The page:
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Just My Type

The Interview

Mark Cuban

Following his team's second-round loss to the Nuggets, the Dallas owner has been preparing for next week's draft, in which his team picks 22nd.

Dan Patrick: Would you trade places with Bill Gates?

Mark Cuban: No. I've got enough money. Everything else, I've got the advantage on him. Bill Gates has loftier goals than I do. He's a nice guy, and I'm sure he's happy with the way things are going for him. But I was thrilled with my life when I was broke.

DP: Why don't we try it again? Give me a billion, and I'll hold it for you.

MC: Just wait until you have to pay that first tax bill.

DP: If I said you could own Manchester United, the Yankees or the Cowboys, which would you choose?

MC: Probably the Yankees. I'm a Cowboys fan, but the Yankees would be a lot more interesting.

DP: But Manchester United is a global brand.

MC: I'm not a soccer guy.

DP: But you're a money guy.

MC: Yeah, but I've got to love what I'm doing. That's the benefit of having money. I get to pick and choose.

DP: Do you have final call on draft day?

MC: Absolutely. Simply because all the scouts and [coaches and front office] can't always make a decision. When it's unanimous, it's easy. But if it's a toss-up, I'm the arbiter.

DP: The WNBA started allowing teams to put sponsor logos on their game jerseys. How far away are we from seeing that in the NBA?

MC: We already know we're whores, it's just a question of how much. If somebody gave me enough money, I could convince [the league]. But it can't be $100,000. If someone says $5 million for the year, they'd have to look long and hard, and I think I could convince them.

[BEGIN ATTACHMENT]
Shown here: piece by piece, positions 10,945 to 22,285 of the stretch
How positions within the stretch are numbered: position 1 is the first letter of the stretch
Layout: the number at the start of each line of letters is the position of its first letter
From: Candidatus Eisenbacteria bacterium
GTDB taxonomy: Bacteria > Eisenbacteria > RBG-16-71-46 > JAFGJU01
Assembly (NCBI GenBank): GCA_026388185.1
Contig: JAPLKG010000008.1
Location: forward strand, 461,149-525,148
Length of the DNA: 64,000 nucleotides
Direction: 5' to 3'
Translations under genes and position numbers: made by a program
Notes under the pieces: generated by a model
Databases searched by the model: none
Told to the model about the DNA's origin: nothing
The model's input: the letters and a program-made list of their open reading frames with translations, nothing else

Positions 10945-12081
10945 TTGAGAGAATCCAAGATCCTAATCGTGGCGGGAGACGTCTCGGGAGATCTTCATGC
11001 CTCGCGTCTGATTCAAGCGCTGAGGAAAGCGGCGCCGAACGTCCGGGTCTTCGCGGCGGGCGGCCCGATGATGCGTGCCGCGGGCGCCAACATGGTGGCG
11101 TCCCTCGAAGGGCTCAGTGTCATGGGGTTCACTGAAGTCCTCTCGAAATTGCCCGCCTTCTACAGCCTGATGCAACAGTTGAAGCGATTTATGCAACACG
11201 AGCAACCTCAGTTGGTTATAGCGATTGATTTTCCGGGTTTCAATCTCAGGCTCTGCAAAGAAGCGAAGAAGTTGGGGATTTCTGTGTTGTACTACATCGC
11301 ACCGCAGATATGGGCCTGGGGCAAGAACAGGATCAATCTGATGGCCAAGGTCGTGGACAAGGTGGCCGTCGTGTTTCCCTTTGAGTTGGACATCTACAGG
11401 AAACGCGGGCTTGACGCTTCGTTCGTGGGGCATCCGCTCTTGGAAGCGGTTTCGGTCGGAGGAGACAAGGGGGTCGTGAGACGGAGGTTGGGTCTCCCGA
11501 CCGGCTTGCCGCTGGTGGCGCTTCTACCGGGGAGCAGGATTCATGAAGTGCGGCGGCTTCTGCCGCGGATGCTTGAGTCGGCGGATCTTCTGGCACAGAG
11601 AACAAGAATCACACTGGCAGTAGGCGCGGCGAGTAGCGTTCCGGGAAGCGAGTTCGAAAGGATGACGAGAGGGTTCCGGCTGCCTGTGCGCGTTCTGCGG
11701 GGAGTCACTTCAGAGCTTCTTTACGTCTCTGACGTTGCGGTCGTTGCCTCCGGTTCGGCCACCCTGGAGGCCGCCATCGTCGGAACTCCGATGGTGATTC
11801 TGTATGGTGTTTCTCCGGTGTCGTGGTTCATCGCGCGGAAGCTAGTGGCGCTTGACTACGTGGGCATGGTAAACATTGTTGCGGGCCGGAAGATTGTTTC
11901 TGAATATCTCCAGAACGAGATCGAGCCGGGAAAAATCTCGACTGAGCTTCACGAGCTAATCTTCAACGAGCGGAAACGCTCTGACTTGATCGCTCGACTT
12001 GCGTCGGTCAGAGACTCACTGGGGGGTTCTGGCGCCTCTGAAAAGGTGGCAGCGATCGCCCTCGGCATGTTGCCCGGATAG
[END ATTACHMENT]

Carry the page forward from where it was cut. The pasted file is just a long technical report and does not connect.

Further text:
DP: What about the fan blowback?

MC: It'd be a media hassle, because all the traditionalists would use this as ammunition to write their articles, and it'd be forgotten in 33 days. But [fans] realize the more that comes in from advertising, the more realistic ticket prices can be. And particularly with the economy the way it is, fans are a lot smarter about the economics of sports.

DP: What's going on with Dirk Nowitzki? [His fiancée was found to have a criminal record and was arrested at his home last month on theft charges.]

MC: He's on vacation, so I've been texting him. He's just getting through it, like anyone else who broke up with a girlfriend under not-so-pleasant circumstances. In my opinion this lady was a con artist, and Dirk was the victim. He's broken up with her, and he's leaving it behind him.

DP: Doesn't he know you're the one who's supposed to be making headlines?

MC: When all the Kenyon Martin stuff came out [after Cuban called Martin a thug while standing near the Denver player's mother], let's just say I didn't downplay it, knowing all that Dirk stuff was going on.

DP: So you took one for the team?

MC: I always take one for the team. That's my job.

Ring Masters

Last week Derek Fisher (four NBA titles and counting) and Robert Horry (seven) were guests on my show. Their postseason success raises an interesting question: Shouldn't winning championships be a more essential criteria for the Hall of Fame? Maybe it's time to open a wing of the Hall for players who were consummate winners but didn't have gaudy stats. Horry knows he's not likely to get in any other way. "A lot of people look at the scoring aspect and don't look at other things like defense and winning," he said.

Short Stays

Mike Krzyzewski is no fan of the NBA's draft eligibility rules, which all but force high school stars to spend a year in college and have produced a parade of one-and-done top players. If kids are going to be required to go to college, Coach K said, they should have to stay at least two years: "A school can't be an extended-stay hotel."

Line of the week

Washington Post columnist Michael Wilbon had interesting advice for LeBron James should he choose to leave Cleveland: Forget New York and join a big-market team that actually has some talent—the Clippers, with Eric Gordon and presumptive No. 1 pick Blake Griffin. "If you're going to be a star," Wilbon told me, "why not go to L.A.?"

Now Hear This
Listen to the podcasts at

1. Ex--UCLA star Kevin Love talks about USC's troubled program.

2. Joe Buck discusses his new HBO show.

THE FINE PRINT: Tim Donaghy suffered a serious knee injury in prison. Sounds like somebody had the Cavs going all the way.